Well-known new Chinese news site The Paper recently reported that, according to the Cybercrime Coordination Center of India’s Ministry of the Interior, the Indian government banned another 43 Chinese apps based on Article 69A of the Information Technology Law. The newly banned apps include widely used Alipay, AliExpress, and Tencent’s WeTV, among others. These are highly popular Chinese apps. The Indian government explained that these apps participated in activities that are not conducive to India’s sovereignty, national security and public order. The Indian government had banned 59 Chinese apps in June and 118 apps in September. Those include well-known apps like TikTok, WeChat and the Xiaomi Browser. So far India has banned a total of 220 Chinese apps. The spokesperson of the Chinese Ministry of Foreign Affairs expressed his serious concerns. China also believed India’s bans violated WTO rules as well as free-market principles and called for immediate corrections of this discrimination against Chinese businesses.

Source: The Paper, November 25, 2020

Wuhan District Government Took over Hongxin Semiconductor Company

Wuhan Hongxin Semiconductor, a failed example of the “Great Leap Forward” in the Semiconductor industry, was on the verge of bankruptcy. The Wuhan Dongxihu District Government recently took it over but made no change to the board members of the company. Wuhan Hongxin was reported to be a 128 billion-yuan (US$19.5 billion) project. It was established in November 2017. From the very beginning, it claimed that it owned the technology to make a 14nm chip, and will make a 7nm chip one year later. It also invited Chiang Shang-yi, former TSMC Chief Operating Officer, to be the CEO. In July of this year, the media report showed that Wuhan Hongxin was at risk of a capital chain rupture and payments to the subcontractors were delayed for months. In June, Chiang Shang-yi also submitted his resignation.

In recent years, there has been an upsurge to build semiconductor-related factories in different parts of China. However, one after another, the investment of tens of billions or even hundreds of billions in Jiangsu, Sichuan, Hubei, Guizhou, and Shaanxi, failed and the local governments who came up with the initial funding ended up taking them over. On October 20, a spokesperson from China’s National Development and Reform Commission said that they have noticed that companies with no experience, no technology, and no talent intend to invest in the chip industry. Some local governments are standing behind and push for the project. For projects that ended up with major losses and wasted resources, they must understand that “whoever supports the project should bear the full responsibility.”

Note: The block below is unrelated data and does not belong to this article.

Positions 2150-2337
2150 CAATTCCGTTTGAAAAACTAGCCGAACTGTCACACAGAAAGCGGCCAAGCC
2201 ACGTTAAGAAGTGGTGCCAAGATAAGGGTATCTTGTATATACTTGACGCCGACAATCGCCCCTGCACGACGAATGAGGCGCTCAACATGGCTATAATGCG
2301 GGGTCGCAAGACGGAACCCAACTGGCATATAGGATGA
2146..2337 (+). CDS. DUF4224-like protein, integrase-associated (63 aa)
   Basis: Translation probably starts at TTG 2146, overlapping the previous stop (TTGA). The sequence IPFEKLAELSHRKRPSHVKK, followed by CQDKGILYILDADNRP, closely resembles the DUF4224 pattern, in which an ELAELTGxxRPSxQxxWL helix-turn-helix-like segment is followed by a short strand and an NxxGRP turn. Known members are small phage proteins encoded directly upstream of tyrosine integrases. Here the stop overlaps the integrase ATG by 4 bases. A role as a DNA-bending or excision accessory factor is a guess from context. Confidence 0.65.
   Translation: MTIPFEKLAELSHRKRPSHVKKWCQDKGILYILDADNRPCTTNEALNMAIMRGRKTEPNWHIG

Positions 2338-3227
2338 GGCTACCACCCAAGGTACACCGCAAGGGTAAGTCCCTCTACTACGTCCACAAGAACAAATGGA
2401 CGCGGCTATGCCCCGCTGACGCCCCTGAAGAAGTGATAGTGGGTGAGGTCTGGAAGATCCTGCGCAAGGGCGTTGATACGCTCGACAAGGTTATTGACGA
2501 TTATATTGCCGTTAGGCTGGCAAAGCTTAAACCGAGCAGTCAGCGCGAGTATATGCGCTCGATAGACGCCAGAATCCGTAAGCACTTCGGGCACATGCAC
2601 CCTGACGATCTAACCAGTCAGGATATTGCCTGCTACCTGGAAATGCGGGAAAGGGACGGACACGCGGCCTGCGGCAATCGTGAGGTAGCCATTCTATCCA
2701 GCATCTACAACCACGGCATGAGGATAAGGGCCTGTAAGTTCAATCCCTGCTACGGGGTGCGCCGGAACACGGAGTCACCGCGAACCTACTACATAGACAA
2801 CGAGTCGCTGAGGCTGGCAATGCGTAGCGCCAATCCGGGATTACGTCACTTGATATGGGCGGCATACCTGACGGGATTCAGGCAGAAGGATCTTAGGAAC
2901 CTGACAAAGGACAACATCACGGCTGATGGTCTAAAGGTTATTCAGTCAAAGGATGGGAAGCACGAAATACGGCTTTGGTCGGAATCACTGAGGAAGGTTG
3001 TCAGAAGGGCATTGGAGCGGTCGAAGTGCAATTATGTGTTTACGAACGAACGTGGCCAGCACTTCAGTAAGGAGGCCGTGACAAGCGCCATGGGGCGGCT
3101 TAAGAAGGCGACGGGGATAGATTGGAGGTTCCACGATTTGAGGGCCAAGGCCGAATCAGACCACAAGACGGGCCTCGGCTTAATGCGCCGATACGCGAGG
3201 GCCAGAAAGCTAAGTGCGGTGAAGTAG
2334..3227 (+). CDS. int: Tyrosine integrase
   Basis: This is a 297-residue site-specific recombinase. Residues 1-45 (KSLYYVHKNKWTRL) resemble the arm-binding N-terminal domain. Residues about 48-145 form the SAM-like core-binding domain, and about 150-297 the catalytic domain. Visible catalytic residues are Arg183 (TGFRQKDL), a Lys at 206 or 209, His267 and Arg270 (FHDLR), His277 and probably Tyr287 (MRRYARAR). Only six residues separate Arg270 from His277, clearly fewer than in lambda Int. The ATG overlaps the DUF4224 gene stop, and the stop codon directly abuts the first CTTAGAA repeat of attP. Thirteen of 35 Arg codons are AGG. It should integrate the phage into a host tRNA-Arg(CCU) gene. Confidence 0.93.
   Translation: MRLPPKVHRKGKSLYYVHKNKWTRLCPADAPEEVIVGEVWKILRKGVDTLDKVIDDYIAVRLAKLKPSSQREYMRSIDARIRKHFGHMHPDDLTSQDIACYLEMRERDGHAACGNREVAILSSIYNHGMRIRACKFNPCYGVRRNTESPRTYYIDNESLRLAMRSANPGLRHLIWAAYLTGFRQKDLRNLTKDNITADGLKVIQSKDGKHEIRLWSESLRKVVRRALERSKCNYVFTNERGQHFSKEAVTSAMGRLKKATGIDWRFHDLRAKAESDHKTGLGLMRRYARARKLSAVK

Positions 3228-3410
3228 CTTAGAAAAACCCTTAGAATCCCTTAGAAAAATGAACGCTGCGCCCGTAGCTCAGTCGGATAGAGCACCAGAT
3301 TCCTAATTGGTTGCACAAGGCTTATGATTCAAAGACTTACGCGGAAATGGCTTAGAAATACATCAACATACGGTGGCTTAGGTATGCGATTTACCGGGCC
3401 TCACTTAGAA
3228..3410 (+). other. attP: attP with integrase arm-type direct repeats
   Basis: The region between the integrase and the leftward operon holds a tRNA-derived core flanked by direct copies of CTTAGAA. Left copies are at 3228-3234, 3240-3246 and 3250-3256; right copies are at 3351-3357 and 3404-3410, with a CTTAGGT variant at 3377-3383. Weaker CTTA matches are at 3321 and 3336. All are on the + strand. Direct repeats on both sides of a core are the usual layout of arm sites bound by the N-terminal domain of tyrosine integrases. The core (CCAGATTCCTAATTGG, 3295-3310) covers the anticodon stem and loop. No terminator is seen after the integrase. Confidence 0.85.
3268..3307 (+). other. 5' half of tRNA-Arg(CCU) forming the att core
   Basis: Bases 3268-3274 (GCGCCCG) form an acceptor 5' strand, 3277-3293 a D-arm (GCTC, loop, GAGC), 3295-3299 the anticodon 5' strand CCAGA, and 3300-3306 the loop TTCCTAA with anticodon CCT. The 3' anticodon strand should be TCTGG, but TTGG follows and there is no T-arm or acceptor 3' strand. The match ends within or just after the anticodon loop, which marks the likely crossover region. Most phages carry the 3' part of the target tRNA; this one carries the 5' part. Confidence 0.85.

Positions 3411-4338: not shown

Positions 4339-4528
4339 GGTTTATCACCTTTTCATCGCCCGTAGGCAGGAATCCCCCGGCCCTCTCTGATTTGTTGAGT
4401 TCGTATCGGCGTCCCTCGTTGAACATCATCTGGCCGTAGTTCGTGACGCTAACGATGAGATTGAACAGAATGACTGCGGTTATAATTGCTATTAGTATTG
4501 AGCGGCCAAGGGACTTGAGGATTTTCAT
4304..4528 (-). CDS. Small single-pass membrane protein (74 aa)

Source: Central News Agency, November 17, 2020

200,000 Chinese Journalists Passed the “Xi Thought” Exam

At the end of 2019, Chinese authorities ordered journalists to pass an exam featuring Xi Jinping’s speeches. According to the National Press and Publication Administration (NPPA), as of October 30, 2020, a total of 205,000 Chinese journalists had passed the “Xi Thought” exam and obtained a passport-sized Chinese journalist ID card with gold letters against a red background.

Cheng Yizhong, a senior Chinese media person who participated in the founding of Southern Metropolis Daily and Beijing News, told Radio Free Asia that this shows that China now has high confidence in its propaganda outlets and this has nothing to do its press freedom. “(The Chinese government) is confident that it has reached a state of complete control over the terminal (reporter) and information. … With a press ID card, it is easier to maintain control.”

According to the announcement of the NPPA, a Chinese journalist’s ID is good for a term of five years, contingent on annual reviews. The press ID’s can only be issued by news organizations that the government certifies.

RFA also interviewed a young man surnamed Li, who completed his master’s degree in journalism in the United States and chose to work in China’s state media. For Li, taking the press card exam is a career development requirement for which he had no choice. Li showed a screenshot of his phone and repeated the exam questions and standardized answers.

Question: As General Secretary Xi Jinping emphasized, what is the most basic principle of news and public opinion work?
Answer: The Party’s leadership over news and public opinion work.

Question: As Xi Jinping emphasized, what is the basic guidance for news and public opinion?
Answer: Unity, stability, and positive propaganda.

Question: What should cyberspace be?
Answer: A new space for the Party to build consensus.

In 2020, according to data from the U.S. non-profit organization the Committee to Protect Journalists, China is the country that has the largest number of imprisoned journalists in the world. In the annual World Press Freedom Index report from Reporters Without Borders, China ranked fourth to the last around the world. The number is even higher than in dictatorship regimes such as North Korea. The report also mentioned that if Chinese journalists had the right to report freely, the COVID-19 pandemic could have been avoided, or at least it would not have come to be as tragic as it is now.

Source: Radio Free Asia, November 6, 2020